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FOR IMMEDIATE RELEASE: Tuesday, February 14, 2012
Steve Romines, Medic One Administrator, Phone:   (360) 704-2780

Thurston County Medic One to Expand Services

OLYMPIA - Thurston County residents will benefit from Medic One changes approved by the Board of Thurston County Commissioners. Under the new contracts more hours of coverage will be provided for certain Medic One paramedic ambulances. Accordingly, a paramedic would be added to the Southwest-Grand Mound area of the county, converting a 24- hour SPRINT unit to a 24-hour dual staffed unit. The SPRINT unit would be converted to Medic 14 by June. Also included is a phase-in of increased staffing for Medic Unit 6 in the Hawks Prairie area. Under the proposal, Lacey Fire District 3 would hire three additional paramedics over the next two years to eventually reach 24- hour staffing. The phase-in would begin this summer.

Thurston County Commission Chair Cathy Wolfe says the Emergency Medical Services (EMS) Council recommended the conversion of these units from temporary to permanent status. "These changes will improve paramedic response time to the south west and north east parts of the county and will also improve paramedic response time county-wide. We are happy that our partners in the many fire departments and districts are moving ahead with the expansion, which benefits all Thurston County residents.' In addition, the new contracts will result in a $34,000-a-year reduction in administrative costs. Lacey Fire Commissioner John Christiansen, commenting on the phase-in of Medic 6, says "The improvement will affect not only our fire district but the entire eastern portion of the county and allow units in other areas to remain in their primary response zones."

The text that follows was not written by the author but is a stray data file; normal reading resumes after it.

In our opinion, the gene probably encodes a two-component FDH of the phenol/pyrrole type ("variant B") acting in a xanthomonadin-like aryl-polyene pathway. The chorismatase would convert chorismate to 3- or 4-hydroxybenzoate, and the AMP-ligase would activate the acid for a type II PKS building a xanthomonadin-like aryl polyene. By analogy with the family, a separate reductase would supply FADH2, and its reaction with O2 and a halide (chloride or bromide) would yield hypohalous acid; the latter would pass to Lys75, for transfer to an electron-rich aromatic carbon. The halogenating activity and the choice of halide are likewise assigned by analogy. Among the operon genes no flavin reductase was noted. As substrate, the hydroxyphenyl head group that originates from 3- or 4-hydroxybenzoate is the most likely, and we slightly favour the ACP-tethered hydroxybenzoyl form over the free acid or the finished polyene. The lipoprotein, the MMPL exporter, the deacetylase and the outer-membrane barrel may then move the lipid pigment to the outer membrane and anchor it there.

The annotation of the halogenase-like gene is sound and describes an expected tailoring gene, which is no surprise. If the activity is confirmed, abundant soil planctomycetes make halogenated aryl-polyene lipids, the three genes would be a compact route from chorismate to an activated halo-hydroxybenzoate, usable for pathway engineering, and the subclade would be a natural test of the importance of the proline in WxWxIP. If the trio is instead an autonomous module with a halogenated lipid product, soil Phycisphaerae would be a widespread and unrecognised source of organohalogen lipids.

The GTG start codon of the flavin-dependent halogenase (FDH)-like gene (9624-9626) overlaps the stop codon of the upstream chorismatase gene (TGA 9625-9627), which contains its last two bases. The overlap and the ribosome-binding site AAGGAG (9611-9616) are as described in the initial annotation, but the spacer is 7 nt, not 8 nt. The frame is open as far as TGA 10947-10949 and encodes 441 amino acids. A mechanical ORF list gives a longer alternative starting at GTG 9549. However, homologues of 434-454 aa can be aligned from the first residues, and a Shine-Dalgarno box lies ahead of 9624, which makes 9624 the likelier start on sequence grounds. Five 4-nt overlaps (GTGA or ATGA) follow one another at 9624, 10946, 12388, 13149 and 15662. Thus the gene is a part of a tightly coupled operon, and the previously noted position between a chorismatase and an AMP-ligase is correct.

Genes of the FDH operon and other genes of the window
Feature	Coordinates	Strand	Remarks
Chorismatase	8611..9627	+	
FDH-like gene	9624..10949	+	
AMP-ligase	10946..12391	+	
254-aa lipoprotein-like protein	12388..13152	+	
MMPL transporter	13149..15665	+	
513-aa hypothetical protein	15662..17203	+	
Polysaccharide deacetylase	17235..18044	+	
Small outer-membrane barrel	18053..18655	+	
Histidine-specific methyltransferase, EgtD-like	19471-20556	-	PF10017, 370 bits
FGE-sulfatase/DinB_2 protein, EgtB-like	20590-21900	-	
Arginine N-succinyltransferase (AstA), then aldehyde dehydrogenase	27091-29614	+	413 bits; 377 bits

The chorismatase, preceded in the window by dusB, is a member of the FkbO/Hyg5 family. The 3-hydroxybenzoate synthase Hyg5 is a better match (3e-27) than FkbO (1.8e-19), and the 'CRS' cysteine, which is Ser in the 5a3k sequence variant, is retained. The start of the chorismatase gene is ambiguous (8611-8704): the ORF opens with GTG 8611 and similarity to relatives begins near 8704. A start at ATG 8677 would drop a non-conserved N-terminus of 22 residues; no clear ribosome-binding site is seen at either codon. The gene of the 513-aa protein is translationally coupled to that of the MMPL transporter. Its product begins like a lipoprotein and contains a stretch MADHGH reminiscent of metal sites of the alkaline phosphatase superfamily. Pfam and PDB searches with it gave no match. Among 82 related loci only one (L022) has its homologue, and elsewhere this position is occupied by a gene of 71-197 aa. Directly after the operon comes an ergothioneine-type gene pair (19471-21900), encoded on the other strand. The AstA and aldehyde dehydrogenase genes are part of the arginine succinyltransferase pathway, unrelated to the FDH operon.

Annual costs of the upgrades for (the new) Medic 14 and Medic 6 will be approximately $126,000 this year and another $126,000 next year to phase in both units. "The EMS Council concluded that the changes will help with a response time that was at 88% of goals in these unit's areas. The rest of the county was well over 90% of response time goals." said Steve Romines, Medic One Administrator.

Last year, Thurston County Medic One/EMS basic life support agencies responded to 25,475 calls within a nearly 750-square-mile territory. Of those calls 9,483 responses proved severe enough to require a paramedic-tier (Medic Unit) response. Medic Units then transported more than 4,452 people facing a life-threatening emergency to an area hospital, including over 200 patients whose hearts had stopped.

The average response time for the seven county-wide Medic Units is 11.8 minutes. The new unit's goal will be to improve response time. Local fire/EMS units usually arrive in less than 7 minutes. Thurston County's population of over 252,000 citizens benefit daily from nearly 450 dual role fire/EMS personnel countywide that respond quickly. Nearly 60% of the personnel are fire volunteers.

Thurston County Medic One has begun its 38th year of county-wide paramedic operations. Medic One started responding to emergencies in August of 1974 as the first county-wide, tiered response, dual role fire/EMS emergency medical system in the nation. It was patterned after Seattle Medic One.



County Commissioners:

Carolina Mejia
District 1

Gary Edwards
District 2

Tye Menser
District 3